11 April 2012

U.S. Supreme Court Rejects A Broad Tolling Approach To The Statue Of Limitations For Section 16(B) Claims

In Credit Suisse Sec. (USA) LLC v. Simmonds, the U.S. Supreme Court addressed the application of the statute of limitations for claims brought under Section 16(b) of the Securities Exchange Act of 1934.
United States Litigation, Mediation & Arbitration
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In Credit Suisse Sec. (USA) LLC, v. Simmonds,1 the U.S. Supreme Court addressed the application of the statute of limitations for claims brought under Section 16(b) of the Securities Exchange Act of 1934.2 In a case that reached back to events occurring in the 1990s, the plaintiff alleged that underwriters of 54 "dot-com" initial public offerings (IPOs) manipulated stock prices using short-swing transactions in violation of Section 16(b). Yet, the plaintiff did not file her complaints against the underwriters until 2007, which raised serious questions regarding the timeliness of the plaintiff's Section 16(b) claims.

Section 16(b) provides stockholders of a company a private right of action against the company's officers, directors, and certain beneficial owners of the company (i.e., "insiders") who realize profits from the purchase and sale, or sale and purchase, of the company's securities within any six-month period. Nevertheless, Section 16(b) states that "no such suit shall be brought more than two years after the date such profit was realized." In Simmonds, the Court examined whether the two-year limitation period is subject to tolling, and, if so, whether tolling continues until the insider publicly discloses the trades.

The Circuit Courts' Approaches

Prior to the Court's decision in Simmonds, there were three competing interpretations of Section 16(b)'s limitations period: (1) a "strict" approach under which the statute is treated as a statute of repose – a firm bar that is not subject to tolling; (2) a "notice" or "discovery" approach under which the time period is tolled until there was sufficient information to put plaintiff on notice of a potential Section 16(b) claim; and, (3) a "disclosure" approach under which the time period is tolled until the insider discloses the transactions at issue in mandatory Section 16(a) reports, regardless of whether the plaintiff knew or should have known of the conduct at issue.

The Court's Holding

In a unanimous opinion written by Justice Antonin Scalia, the Court expressly rejected the "disclosure" approach that had been adopted by the Ninth Circuit. Relying on the plain language of Section 16, the Court held that the running of the limitations period does not depend upon the timing of the insider's disclosure of the trades in Section 16 reports. However, the Court did not reach the issue of whether the two-year period in Section 16(b) is a statute of repose immune from equitable tolling. Instead, the Court remanded the case back to the Ninth Circuit to "consider how the usual rules of equitable tolling apply to the facts of this case." Notable elements from the Court's opinion include:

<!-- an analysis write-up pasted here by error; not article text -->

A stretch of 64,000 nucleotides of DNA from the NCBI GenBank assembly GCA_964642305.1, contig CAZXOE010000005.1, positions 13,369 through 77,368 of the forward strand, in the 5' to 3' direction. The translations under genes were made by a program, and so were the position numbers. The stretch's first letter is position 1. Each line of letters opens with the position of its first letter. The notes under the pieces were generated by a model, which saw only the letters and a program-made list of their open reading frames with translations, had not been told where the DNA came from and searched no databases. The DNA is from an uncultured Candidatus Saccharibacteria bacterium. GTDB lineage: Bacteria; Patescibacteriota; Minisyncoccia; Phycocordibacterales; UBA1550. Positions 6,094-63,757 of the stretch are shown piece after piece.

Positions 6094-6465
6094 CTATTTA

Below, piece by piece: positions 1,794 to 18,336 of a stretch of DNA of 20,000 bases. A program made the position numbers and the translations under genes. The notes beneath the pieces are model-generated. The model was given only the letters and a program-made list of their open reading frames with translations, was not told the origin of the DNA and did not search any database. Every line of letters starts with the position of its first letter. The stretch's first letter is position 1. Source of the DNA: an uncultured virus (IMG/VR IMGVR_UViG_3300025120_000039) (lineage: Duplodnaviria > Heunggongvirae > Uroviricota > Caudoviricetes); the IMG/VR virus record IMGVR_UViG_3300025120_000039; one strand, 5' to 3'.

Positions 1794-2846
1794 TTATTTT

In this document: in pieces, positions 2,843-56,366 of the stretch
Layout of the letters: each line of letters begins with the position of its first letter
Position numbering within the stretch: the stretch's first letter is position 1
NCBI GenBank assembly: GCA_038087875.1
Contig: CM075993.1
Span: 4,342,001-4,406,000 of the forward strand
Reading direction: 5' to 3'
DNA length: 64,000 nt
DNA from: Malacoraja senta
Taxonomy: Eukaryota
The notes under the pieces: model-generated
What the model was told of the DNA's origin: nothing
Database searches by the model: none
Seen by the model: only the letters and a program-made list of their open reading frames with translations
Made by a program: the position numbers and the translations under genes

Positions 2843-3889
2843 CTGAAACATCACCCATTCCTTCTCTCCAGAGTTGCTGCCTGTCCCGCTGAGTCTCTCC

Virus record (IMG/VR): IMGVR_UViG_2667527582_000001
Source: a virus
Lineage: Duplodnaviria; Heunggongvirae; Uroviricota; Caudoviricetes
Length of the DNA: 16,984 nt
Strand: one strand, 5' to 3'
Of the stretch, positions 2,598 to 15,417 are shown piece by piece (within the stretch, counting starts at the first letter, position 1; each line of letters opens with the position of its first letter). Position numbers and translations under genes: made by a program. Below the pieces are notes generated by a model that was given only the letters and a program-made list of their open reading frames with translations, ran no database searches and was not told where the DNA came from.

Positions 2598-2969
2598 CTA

• The Statute Is Not Tolled Until Section 16(a) Disclosures Are Made: Pointing to the explicit text of Section 16(b) as "the most glaring indication" of congressional intent, the Court held that the two-year clock starts from the "date such profit was realized," not when Section 16(a) disclosures are made by the company insider.
  • Section 16(b) as a Statute of Repose Not Reached: Divided 4-4 on the issue, the Court was unable to reach a majority on the underwriters' contention that Section 16(b)'s limitations period is a statute of repose. The Court stated that "[w]e do not reach that contention, because we conclude that, even assuming that the 2-year period can be extended, the Ninth Circuit erred in determining that it is tolled until the filing of a §16(a) statement." This affirmed, "without precedential effect," the Ninth Circuit's holding that 16(b) did not establish a statute of repose.
  • Statutes of Repose Not Subject to Tolling: In what may be the most far-reaching element of the opinion, the Court recognized that, if Section 16(b) was held to be a statute of repose, the time period would not be subject to tolling. This element of the Court's decision might be used in other contexts, for example, in relation to arguments about whether the statute of repose applicable to claims under Section 10(b) and Rule 10b-5 can be subject to tolling.


The Court's interpretation of the Section 16(b) limitation period narrows the window for bringing claims against insiders. By rejecting the Ninth Circuit's disclosure approach, Section 16(b) claims are no longer subject to a potentially indefinite tolling period. Although the Court did not hold that Section 16(b) is a statute of repose, the Court also did not foreclose the lower courts from reaching that conclusion. Indeed, the Court recognized that if Section 16(b) is subject to a statute of repose, no tolling would be permitted.


1. No. 10-1261, 2012 WL 986812 (U.S. Mar. 26, 2012).

2. 15 U.S.C. § 78p(b).

The content of this article does not constitute legal advice and should not be relied on in that way. Specific advice should be sought about your specific circumstances.

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